Although small changes over time lead to big gains in the long run, the more you improve your diet and lifestyle, the greater and faster your improvement will be. Dive in. In order to see real benefit, you need to make real change. When it comes to addictive behaviors, which includes eating patterns and habits, it is often better to “go cold turkey” and change completely. When you move slowly, change is also slow and not as rewarding. When you see and feel the change, you are more likely to keep up with it and continue to improve. When a drug addict or alcoholic tries to quit, they don’t do so incrementally or “in moderation”. It has to be all or nothing. Otherwise, there is always a taste of what you crave and quitting altogether becomes impossible. Having “reward” days or meals may be OK if you have the discipline to follow a healthful diet the rest of the time but if all you are thinking about is that reward, it becomes counterproductive and you are more likely to reward yourself more often. 

Complete abstinence is easier than perfect moderation”            St. Ignatius, 1st century

One major issue with moderation is that it is easy to overdo it. If you are trying to eliminate some foods from your diet, just get them out of your environment. As vegan Chef AJ says, “If it’s in your house, it’s in your mouth”. If you are an alcoholic, you should stay away from bars. If you are addicted to gambling, don’t go to casinos. If you have a food addiction or craving, if you see it or know it’s around, you will eventually fall to temptation and eat it. Some people give themselves “cheat days” or “cheat meals”. The problem with this approach is that if you really want whatever you are “cheating” with, you spend all your time thinking about it and the drive or temptation to eat it never goes away. Alcoholics can rarely have an occasional drink and smokers can rarely have just one cigarette.

“The dose makes the poison. NOT always”

Although as a general rule, small amounts of unhealthy foods, chemicals and even behaviors are not overall damaging and the more you consume, the worse things are, this does not apply to all things things. An example in the nutrition world is processed meat. When looking at the curve of dose vs disease, the greatest rise is from 0 to 1 dose a day. If consume more, it’s worse but having none is still the best. Another example are the hormone-disrupting effects of the chemicals which leach out of plastics. Tiny amounts of these compounds are bad because they saturate the estrogen receptors and once they are all bound, the extra amounts have less of an impact.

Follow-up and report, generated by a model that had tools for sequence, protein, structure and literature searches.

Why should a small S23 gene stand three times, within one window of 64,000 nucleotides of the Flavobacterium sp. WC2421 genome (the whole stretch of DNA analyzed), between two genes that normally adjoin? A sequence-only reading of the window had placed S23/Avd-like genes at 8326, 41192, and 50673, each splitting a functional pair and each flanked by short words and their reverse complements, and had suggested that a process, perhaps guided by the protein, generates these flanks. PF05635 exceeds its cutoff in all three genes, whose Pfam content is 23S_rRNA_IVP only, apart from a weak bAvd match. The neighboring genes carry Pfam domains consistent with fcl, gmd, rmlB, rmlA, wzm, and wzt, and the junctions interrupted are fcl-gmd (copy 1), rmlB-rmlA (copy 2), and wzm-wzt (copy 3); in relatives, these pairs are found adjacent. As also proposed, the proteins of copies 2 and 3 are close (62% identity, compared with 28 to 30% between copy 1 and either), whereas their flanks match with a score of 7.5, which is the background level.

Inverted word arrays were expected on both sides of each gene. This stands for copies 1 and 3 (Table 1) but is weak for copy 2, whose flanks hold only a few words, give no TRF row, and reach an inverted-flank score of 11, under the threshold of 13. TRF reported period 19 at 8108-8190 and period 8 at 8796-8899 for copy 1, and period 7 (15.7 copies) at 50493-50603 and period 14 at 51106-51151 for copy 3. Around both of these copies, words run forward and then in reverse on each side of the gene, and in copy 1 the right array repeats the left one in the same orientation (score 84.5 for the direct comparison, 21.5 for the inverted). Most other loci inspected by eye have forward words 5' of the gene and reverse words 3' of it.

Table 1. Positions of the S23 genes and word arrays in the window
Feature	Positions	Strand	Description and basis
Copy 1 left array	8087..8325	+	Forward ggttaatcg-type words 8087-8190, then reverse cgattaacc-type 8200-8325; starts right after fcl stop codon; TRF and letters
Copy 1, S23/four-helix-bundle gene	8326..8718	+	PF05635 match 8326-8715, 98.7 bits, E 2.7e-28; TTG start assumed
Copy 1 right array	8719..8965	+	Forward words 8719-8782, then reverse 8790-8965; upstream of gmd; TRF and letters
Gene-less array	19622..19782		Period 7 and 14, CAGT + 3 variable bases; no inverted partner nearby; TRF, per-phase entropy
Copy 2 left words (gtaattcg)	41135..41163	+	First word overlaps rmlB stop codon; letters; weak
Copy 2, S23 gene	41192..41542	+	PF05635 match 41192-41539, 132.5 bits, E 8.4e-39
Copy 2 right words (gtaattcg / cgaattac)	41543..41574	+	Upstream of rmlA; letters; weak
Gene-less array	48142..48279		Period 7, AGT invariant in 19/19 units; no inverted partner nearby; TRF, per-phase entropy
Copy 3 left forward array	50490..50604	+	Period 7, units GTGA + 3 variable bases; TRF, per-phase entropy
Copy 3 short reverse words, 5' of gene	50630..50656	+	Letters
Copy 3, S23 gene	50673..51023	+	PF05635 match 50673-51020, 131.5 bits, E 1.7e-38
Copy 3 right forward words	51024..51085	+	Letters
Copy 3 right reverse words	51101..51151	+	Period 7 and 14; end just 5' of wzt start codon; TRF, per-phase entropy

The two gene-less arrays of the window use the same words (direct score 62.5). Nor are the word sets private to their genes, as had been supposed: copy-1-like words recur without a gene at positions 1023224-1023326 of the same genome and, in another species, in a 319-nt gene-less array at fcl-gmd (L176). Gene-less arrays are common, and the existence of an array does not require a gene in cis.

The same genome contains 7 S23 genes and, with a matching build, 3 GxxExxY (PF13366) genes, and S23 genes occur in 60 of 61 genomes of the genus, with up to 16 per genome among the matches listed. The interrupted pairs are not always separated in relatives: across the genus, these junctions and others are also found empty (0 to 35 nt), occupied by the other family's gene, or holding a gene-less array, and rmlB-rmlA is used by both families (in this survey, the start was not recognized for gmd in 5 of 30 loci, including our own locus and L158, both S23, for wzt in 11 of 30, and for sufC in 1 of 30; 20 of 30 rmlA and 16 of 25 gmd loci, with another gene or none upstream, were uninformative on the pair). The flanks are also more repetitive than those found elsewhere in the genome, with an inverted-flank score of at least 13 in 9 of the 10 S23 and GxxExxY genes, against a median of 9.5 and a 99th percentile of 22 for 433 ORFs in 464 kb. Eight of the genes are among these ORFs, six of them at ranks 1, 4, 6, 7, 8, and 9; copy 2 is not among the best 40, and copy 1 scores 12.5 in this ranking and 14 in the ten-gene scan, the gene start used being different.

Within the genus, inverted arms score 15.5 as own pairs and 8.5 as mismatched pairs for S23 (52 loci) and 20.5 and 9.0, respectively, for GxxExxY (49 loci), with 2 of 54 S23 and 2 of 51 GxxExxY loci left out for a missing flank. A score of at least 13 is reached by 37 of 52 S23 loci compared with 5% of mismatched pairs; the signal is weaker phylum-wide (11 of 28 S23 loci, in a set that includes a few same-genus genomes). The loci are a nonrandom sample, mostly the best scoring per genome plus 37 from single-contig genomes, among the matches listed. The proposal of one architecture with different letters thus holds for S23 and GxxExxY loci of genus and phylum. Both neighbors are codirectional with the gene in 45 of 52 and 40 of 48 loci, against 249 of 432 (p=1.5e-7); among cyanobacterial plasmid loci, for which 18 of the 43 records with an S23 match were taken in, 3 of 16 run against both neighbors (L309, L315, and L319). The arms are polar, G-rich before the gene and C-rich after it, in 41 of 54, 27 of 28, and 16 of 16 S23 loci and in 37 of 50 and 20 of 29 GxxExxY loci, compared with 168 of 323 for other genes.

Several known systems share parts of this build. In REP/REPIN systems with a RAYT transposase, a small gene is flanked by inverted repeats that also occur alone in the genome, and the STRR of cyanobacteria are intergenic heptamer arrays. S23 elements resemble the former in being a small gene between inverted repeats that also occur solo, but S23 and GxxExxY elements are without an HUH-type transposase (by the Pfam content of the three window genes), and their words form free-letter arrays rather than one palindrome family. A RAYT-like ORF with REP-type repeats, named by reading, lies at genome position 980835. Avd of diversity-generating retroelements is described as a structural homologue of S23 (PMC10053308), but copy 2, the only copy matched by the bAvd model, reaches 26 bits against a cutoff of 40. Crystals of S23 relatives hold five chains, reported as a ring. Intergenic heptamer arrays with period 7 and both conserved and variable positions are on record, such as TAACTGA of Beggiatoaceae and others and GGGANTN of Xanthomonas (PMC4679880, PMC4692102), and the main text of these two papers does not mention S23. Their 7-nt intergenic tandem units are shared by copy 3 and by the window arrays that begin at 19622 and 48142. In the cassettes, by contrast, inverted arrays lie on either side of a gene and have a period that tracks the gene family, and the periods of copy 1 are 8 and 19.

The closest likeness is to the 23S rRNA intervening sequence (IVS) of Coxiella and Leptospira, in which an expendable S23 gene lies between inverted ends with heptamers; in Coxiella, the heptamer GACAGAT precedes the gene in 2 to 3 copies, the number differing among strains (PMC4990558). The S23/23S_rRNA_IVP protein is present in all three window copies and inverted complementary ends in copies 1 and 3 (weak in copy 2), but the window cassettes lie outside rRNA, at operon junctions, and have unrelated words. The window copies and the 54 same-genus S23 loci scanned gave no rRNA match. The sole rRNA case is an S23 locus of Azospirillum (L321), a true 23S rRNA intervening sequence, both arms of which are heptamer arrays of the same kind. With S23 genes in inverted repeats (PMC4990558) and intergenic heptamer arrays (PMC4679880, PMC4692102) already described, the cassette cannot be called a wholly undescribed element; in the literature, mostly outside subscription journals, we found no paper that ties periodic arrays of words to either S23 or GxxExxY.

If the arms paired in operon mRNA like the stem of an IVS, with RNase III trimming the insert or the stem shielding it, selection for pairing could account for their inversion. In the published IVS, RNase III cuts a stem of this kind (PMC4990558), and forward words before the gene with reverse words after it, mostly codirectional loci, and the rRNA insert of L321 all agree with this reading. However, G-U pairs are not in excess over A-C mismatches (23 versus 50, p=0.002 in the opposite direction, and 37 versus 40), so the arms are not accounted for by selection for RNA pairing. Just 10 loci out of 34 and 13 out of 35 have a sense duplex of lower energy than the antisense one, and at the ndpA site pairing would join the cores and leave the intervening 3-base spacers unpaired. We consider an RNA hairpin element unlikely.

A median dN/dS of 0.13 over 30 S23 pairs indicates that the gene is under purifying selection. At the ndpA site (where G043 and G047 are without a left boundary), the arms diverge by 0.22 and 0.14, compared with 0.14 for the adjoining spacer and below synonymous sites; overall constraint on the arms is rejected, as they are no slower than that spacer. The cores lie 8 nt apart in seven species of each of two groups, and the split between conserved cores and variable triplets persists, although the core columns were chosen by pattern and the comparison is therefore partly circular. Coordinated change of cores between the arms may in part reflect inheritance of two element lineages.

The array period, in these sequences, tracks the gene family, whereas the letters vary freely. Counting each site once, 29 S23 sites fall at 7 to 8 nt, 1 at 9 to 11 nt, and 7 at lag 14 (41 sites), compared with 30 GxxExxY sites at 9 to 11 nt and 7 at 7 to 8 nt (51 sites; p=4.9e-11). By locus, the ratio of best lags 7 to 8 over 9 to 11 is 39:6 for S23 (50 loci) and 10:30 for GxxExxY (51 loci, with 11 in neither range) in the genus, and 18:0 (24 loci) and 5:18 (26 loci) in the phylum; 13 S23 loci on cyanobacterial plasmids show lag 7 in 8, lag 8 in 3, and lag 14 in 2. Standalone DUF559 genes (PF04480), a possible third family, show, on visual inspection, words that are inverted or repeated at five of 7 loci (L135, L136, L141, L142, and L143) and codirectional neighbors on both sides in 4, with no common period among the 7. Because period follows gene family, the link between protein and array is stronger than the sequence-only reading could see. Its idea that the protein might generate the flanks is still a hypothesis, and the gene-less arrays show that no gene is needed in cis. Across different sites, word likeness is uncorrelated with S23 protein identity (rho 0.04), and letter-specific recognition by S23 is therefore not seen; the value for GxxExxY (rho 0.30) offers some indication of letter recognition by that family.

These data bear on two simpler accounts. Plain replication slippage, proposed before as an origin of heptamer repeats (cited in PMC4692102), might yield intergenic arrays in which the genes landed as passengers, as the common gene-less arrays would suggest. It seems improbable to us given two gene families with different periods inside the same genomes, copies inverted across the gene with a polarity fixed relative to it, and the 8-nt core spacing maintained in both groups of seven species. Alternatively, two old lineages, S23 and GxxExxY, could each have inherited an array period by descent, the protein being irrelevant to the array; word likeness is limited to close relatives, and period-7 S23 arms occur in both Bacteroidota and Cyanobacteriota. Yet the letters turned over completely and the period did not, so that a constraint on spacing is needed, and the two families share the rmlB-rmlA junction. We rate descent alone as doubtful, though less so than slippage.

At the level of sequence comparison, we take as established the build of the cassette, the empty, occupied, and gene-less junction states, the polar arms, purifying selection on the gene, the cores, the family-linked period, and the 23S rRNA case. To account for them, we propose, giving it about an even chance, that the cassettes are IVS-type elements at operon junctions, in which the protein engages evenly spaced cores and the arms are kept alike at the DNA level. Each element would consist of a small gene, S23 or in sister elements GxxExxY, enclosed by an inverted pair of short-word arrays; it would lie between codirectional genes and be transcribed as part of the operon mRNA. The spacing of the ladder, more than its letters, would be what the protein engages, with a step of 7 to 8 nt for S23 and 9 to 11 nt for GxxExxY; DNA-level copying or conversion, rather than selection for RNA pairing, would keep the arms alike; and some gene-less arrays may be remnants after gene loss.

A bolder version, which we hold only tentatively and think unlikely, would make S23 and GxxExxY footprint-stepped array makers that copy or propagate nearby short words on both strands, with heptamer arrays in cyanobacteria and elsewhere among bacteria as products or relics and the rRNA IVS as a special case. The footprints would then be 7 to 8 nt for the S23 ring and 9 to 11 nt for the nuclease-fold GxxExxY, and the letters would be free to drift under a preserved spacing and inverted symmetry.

There is a point of diminishing returns when it comes to most things. Just because carrots are good, doesn’t mean that a bag a day is also. Too much oxygen is lethal. Exercise is also a good example. It is crucial to exercise but too much is also not good. Runners definitely live much longer than non-exercisers, but those who run half marathons, do better than marathoners and those who run only 4-5 days a week or shorter distances at slower paces, do the best.




GENES may load the gun but LIFESTYLE pulls the trigger” Caldwell Esselstyn, MD.

A brief word about this important topic. In a nutshell, the genes you inherited are NOT, for the most part, your destiny. We do inherit genes but we have the power to impact on how they express themselves. The argument “(insert disease here) runs in my family” is in most cases simply not true purely genetic inheritance and is to a significant degree modifiable. Genetics and longevity is important but not as much as you would think. If both your parents lived into their 80’s, your lifespan is only predicted to be 3 years longer than the average (78 in the US).